A lot of the songs we cut them just like a normal band would cut them. Some of the songs that had a significant amount of synthesizer on them, we'd use Pete's 16 tracks then cut the band on top of them. You know, he spent a lot of time on them. And there wasn't a lot of programming, it was real time playing. With some simple parts- he was real careful not to give anything to Keith or John- not to tell them what to play, just block it out and let them do their thing. Just have the scratch parts- I don't remember if there was a scratch vocal...
Seems like there probably would have been.
There were tracks like “The Rock” which was all synthesizer- it was called “Overture” originally, but it's called “The Rock”- it is an overture. Pete designed these motifs...
For each band member...
Right, Jimmy, wasn't schizophrenic, he was 'quadrophrenic,' in other words he had these four different personalities. Roger was the romantic guys, Keith was the crazy one, John the stoic one... I don't remember what Pete saved for himself. That was the big theme. The record company at the time, MCA Universal, wanted us to do it in quad... there was a big quadrophonic push in the '70s. It took your vinyl, and it took your vinyl and put your front channels out of phase with your real channels, made this mishmash. You couldn't really call it quality. But MCA thought Quadrophenia, Quadrophonic, oh wow.
Just because they had 'Quad' in the title.
So they sent us out this 'encoder,' to try to mix the mix, way way before digital, and we tried it and the front and back separation was like 5db. Not discrete quadrophonic. It was AWFUL. So Pete said I'm not doing a quad recording that's worse than the stereo. So he said forget it and they went nuts. Now, I was not party to that, I was just an engineer, and management was dealing with MCA after the fact. At the point The Who had their own label from MCA, so he could pretty much what he wanted.
He could afford to throw a fit.
Yeah, they couldn't really do much, even though they weren't happy about it. And he was right! There was no point in doing something on that scale that was worse than the original just to be on the cutting edge. Hey, I'd love to have done it in 5.1... but it wasn't invented yet!
It seems like hardly anyone was doing anything serious with quad. Pink Floyd was messing around with it, but...
Well, which quad? The Quad SQ from the mid '70s... or discrete quad... well, 5.1 is quad with the vocal channel in the center and then the sub. I don't see that as being really that popular.
Not as far as music.
Well, yeah, with videos and movies. I don't know that people want to be surrounded by music.
Anyway. I think we've, ha... any more questions on Quadrophenia?
Not that I want to... want to keep us here all afternoon with. Well, you did mention something with the ARP that I was going to ask about anyway. We're kind of an impatient society these days. You know we always figure that things are going to be fixed by a preset, the next plugin, the next piece of vintage gear. Are there any 'go-to' methods you have, gear or techniques that as a producer or engineer that you live by?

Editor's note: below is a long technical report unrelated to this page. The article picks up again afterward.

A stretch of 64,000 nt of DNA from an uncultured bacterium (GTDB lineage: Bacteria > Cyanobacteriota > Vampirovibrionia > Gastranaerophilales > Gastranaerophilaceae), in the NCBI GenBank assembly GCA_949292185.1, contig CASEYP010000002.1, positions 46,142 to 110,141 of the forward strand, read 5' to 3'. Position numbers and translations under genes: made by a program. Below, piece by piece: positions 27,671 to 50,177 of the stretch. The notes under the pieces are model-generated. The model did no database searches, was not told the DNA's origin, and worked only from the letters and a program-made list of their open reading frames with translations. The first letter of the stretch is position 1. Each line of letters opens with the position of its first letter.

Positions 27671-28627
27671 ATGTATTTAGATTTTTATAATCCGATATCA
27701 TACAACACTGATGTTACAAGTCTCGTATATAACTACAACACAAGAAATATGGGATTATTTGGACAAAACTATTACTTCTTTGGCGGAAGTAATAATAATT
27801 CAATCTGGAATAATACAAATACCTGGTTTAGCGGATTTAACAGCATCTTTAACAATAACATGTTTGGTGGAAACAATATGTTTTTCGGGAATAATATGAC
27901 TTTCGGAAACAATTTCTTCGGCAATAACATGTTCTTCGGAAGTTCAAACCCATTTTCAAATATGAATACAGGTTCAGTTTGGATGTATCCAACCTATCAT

Well, there are things that have come along, like Autotune, that are fantastic. But the more technology gets advanced, the more people abuse it. You know, CDs came along in, I don't know, '83, and we went from 40 minute of vinyl rock and roll, 20 minutes a side- we had sides in those days- to 76 or 80 minute albums, then to nanoseconds- bang! Bang! People started doing these ridiculously long albums, just because some guy in the band wanted to get his crappy song on there. And there's no pun intended on 'Crappy Indie Music'.
So... that was a drag. Not only does it drain resources, because you have a producer there, and it's another weeks recording. Maybe another month. What I'm getting to is, now we have virtual recording where we have as many tracks as we need, which is a real detriment. People have stopped making choices. People don't sit there and get rid of things, they don't have to. So at the end when you go to mix it's unbelievable, there's no end. When I started out with 8 tracks, I was mixing drums in stereo, and I had to print to reverb if I wanted it on the snare. Then it was done, it was finished. Now I have 10 or 12 tracks for drums. When I go through the recording process, every day every moment I make the decision: am I going to keep this. That's the biggest problem people recording these days have. They leave everything. If you work for 2 hours on a guitar part, the sound and everything else, you're finished with it, you're right there, with probably the best knowledge of it sonically of it, the timing and everything... now, whatever you're looking for in that part, you make that judgement right then. Now you might want to leave some in case you're wrong, and come back when you're mixing to say this part is the best one or that.
So I guess to sum up, the advice I'd give is to make choices as you go along and not wait til the end.
To treat the process as more important.
Make your decisions every day, not just at the end.
So you've been a producer and an engineer, I won't get too much into what a producer is, but what do you think the difference is...
You get paid more!
(laughs) There's a promotion for you. Well, since you've been both, how much of a difference for you is there. Do you think there's a big separation in the roles, as far as yourself?
Well, I'm a “producer/engineer.” When I started, I was just an engineer, with Led Zeppelin, The Who, and Bad Company. There was six albums right there. There was no producer- well, Pete was producer, and Jimmy Page in the case of Zeppelin, and the band produced Bad Company. But I wasn't dealing with a separate producer. A guy coming in from outside, I was working with the band members. So I gave my opinion when they asked me, and sometimes when they didn't ask me. When it felt appropriate, to remind them what they were doing, whenever I felt it added something to the session. Really I haven't changed much, except as far as getting credit. Once I got past doing those albums, I learned I had to demand production credit from the start. It didn't change anything except I became a royalty artist where I wasn't before. People say, “Ohh, you don't make any royalties from Led Zeppelin?” No, but I made a career off them.